Doses of Pfizer’s newly FDA-approved vaccine are scheduled to begin arriving in all 50 states on Monday, a significant milestone in the fight against COVID-19. Pfizer has omitted warnings about consuming alcohol after being vaccinated, welcome news to the alcohol industry after a scare from a Russian report.

Rolling the vaccine out to Americans will be one of the biggest public health campaigns in generations, and Russian media is not making it any easier.

Russians Issue Warning About Drinking and Sputnik 5

Last week Anna Popova, head of Russia’s consumer health watchdog, issued a warning in regard to Russia’s version of the vaccine, the Sputnik 5. Popova reportedly warned Russians being vaccinated to take approximately two months off drinking alcohol in order for the vaccine to be as effective as possible.

Popova reportedly told the Komsomolskaya Pravda radio station that people should abstain from drinking for two weeks before receiving the first Sputnik 5 shot and three weeks after the second shot. The two courses of the vaccine should be given three weeks apart, totaling a recommended eight weeks of sobriety.

While this advice received negative reaction among Russians, Popova is getting pushback for her recommendation, most notably from the vaccine’s developer. Alexander Gintsburg, head of Moscow’s Gamaleya National Center of Epidemiology and Microbiology, believes the eight week guideline to be too stringent.

“We strongly recommend refraining from alcohol for three days after each injection,” Gintsburg said. He noted that this warning applies to all vaccines, not just Sputnik or other COVID-19 vaccines.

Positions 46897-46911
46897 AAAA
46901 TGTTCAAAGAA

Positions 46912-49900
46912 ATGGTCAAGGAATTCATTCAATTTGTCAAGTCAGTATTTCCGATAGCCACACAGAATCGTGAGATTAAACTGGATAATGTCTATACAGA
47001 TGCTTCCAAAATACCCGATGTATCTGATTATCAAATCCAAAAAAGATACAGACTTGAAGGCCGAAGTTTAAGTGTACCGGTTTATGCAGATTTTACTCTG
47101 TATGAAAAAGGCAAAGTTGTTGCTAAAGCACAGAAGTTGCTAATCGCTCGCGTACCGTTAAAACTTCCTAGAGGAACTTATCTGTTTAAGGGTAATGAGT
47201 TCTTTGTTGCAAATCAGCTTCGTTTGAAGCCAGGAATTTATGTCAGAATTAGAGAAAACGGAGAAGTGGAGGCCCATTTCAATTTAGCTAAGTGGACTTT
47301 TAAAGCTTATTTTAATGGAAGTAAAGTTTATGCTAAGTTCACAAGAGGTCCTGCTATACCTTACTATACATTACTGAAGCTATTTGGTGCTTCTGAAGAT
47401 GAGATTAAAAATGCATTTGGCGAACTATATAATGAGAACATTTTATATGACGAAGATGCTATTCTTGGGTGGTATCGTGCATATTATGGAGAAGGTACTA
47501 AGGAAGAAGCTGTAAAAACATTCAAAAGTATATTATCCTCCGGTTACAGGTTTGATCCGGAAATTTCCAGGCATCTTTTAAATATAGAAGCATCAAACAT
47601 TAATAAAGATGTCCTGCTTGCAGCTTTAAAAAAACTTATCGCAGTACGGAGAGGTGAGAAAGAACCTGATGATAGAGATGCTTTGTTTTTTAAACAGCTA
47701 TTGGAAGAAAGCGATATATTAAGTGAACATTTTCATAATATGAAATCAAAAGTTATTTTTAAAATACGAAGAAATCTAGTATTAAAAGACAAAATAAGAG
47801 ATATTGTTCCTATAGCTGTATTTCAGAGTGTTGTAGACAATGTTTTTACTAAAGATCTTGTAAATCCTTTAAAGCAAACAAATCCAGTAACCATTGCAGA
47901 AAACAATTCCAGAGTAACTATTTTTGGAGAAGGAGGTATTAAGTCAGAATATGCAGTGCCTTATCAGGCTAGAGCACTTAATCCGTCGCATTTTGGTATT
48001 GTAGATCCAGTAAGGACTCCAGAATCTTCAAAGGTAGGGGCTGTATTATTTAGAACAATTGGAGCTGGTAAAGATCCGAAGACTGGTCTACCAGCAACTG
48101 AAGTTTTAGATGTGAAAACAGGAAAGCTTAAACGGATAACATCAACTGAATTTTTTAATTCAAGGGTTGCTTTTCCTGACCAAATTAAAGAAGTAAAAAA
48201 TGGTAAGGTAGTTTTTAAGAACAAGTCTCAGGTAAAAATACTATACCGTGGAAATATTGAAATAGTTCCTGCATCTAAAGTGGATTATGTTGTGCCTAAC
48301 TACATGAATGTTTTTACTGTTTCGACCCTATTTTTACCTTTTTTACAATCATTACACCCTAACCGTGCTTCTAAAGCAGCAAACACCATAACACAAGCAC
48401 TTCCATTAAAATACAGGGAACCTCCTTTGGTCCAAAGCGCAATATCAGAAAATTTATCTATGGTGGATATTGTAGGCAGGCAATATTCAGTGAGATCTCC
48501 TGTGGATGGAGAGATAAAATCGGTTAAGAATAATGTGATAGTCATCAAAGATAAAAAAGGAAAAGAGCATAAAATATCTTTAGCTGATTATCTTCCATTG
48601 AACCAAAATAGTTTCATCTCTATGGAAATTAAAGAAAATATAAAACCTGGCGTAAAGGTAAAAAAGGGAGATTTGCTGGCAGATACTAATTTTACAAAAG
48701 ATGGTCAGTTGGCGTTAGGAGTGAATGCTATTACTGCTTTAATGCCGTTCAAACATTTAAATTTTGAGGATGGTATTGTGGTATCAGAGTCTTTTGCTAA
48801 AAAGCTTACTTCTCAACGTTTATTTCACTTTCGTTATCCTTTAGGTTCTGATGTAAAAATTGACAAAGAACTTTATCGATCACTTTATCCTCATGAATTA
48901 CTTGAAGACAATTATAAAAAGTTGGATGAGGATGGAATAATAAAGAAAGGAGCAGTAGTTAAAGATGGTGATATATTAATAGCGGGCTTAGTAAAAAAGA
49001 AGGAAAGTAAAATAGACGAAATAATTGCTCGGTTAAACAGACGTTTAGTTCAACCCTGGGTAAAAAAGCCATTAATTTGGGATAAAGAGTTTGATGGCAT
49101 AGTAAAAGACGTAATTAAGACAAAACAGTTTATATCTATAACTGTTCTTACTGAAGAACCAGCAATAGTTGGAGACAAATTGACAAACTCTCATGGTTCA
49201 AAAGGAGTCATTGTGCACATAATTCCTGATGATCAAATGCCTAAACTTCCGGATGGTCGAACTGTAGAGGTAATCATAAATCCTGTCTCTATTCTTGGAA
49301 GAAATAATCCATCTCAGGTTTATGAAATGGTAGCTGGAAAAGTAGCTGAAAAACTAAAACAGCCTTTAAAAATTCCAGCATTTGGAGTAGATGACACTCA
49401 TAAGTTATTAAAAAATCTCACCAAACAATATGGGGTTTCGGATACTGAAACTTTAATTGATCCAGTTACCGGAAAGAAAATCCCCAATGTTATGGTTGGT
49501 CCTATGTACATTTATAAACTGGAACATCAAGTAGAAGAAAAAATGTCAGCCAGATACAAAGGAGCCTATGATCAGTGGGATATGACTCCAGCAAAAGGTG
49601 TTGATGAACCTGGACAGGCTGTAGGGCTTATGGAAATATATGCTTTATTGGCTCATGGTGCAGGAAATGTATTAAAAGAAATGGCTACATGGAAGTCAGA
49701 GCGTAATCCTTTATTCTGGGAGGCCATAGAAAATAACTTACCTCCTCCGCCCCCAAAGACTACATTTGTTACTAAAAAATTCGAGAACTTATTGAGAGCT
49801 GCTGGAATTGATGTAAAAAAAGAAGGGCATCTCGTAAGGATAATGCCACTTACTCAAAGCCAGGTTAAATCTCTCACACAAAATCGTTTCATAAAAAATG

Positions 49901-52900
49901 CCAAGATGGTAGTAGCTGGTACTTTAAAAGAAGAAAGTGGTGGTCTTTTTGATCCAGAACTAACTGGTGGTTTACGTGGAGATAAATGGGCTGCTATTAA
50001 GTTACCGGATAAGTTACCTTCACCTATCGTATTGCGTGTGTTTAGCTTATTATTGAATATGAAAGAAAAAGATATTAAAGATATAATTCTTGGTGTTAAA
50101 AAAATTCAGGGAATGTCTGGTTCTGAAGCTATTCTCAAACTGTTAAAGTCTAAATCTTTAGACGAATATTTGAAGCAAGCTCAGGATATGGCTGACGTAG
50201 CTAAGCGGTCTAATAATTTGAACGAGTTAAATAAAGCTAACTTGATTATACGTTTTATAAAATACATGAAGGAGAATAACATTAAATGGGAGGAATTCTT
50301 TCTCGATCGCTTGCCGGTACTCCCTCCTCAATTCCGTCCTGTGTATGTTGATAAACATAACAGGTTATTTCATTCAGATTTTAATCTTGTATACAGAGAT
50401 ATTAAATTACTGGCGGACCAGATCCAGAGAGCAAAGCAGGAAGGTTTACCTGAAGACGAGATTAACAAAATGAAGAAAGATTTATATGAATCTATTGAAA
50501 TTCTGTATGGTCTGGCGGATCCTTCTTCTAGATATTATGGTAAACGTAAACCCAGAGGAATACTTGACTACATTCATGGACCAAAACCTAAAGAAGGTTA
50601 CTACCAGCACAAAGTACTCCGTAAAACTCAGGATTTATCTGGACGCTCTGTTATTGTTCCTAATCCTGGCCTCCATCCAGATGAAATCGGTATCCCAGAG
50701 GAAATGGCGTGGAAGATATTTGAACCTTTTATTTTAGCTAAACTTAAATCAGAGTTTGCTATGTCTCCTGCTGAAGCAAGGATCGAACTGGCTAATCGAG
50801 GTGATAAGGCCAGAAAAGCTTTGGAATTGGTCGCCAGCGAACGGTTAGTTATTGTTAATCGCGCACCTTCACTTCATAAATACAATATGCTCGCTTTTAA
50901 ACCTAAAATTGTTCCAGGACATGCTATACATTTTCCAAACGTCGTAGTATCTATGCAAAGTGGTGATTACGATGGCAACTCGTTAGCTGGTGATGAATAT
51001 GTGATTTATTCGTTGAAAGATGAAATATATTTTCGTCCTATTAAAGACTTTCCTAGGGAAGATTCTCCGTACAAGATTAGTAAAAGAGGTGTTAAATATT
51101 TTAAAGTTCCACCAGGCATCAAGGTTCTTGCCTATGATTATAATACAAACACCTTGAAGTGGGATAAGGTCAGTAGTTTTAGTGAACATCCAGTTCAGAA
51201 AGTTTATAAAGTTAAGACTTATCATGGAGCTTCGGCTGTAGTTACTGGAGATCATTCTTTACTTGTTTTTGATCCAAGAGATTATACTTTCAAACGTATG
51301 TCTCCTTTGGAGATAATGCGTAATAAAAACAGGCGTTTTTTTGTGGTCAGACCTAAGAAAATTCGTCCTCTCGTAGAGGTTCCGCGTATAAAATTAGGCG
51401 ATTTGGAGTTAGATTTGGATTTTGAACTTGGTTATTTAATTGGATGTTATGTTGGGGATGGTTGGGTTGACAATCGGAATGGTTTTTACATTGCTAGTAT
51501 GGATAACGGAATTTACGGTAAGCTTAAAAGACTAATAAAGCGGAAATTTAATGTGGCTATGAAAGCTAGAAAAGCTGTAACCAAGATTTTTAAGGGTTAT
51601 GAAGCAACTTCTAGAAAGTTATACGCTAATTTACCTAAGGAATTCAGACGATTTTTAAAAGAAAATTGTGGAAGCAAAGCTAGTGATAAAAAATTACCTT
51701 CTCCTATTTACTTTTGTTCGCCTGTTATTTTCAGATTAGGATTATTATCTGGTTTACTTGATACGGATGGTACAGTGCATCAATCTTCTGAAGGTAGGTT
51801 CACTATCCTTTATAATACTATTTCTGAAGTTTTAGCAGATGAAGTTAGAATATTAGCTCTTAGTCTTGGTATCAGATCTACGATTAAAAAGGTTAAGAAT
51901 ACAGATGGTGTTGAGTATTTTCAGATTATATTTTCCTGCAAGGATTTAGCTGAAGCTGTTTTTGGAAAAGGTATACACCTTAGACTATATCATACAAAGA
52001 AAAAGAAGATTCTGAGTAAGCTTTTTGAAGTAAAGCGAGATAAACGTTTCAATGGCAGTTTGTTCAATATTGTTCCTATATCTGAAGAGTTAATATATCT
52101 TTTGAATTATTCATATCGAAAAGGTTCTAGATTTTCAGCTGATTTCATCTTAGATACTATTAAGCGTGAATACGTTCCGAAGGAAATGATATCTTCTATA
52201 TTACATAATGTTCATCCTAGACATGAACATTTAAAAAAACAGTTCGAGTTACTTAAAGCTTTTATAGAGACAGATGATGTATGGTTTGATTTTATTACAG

However Gintsburg was also quoted as saying “one glass of champagne won’t hurt anyone, not even your immune system” in response to Popova’s controversial remarks.

Heavy alcohol use affects the immune system as alcohol is an immunosuppressant, and the makers of Sputnik 5 want recipients’ immune systems to be functioning as efficiently as possible immediately after receiving the vaccine.

American Vaccines are Different

While Russians, who rank among the world’s heaviest drinkers, met the news with frustration, Americans can breathe a sigh of relief as Pfizer’s vaccine does not carry any alcohol warning.

A volunteer from the AstraZeneca vaccine study, developed in conjunction with the University of Oxford, confirmed that participants were not asked to abstain from drinking alcohol, a claim supported by another volunteer from Imperial College London’s own vaccine study.

While Pfizer’s vaccine does not come with an alcohol warning, it is important to note that the Pfizer and Moderna vaccines differ in composition from the Sputnik 5, which helps explain the difference in protocol.

Sputnik 5 is made from a modified human adenovirus (a common virus which typically causes mild colds). The virus essentially creates small samples of the spike protein found in COVID-19, training your body to fight the disease while building your immunity.

Both Pfizer’s and Moderna’s vaccines are mRNA vaccines, which also induce the spike proteins, but without the use of a modified virus. More simply put, the Sputnik 5 vaccine actually contains a virus, while Pfizer’s and Moderna’s vaccines do not.

Always Enjoy in Moderation

Receiving an early Pfizer vaccine does not necessarily mean the public will be forced into a dry holiday season, but experts still advise the public to enjoy holiday hard seltzer in moderation.

“There is no indication that moderate consumption of alcohol will affect the protection your body develops after getting an immunization,” Providence, RI Health Department spokesman Joseph Wendelken said in response to the Russian rumors. “Moderate consumption of alcohol is always recommended, if people do choose to drink,” he said.

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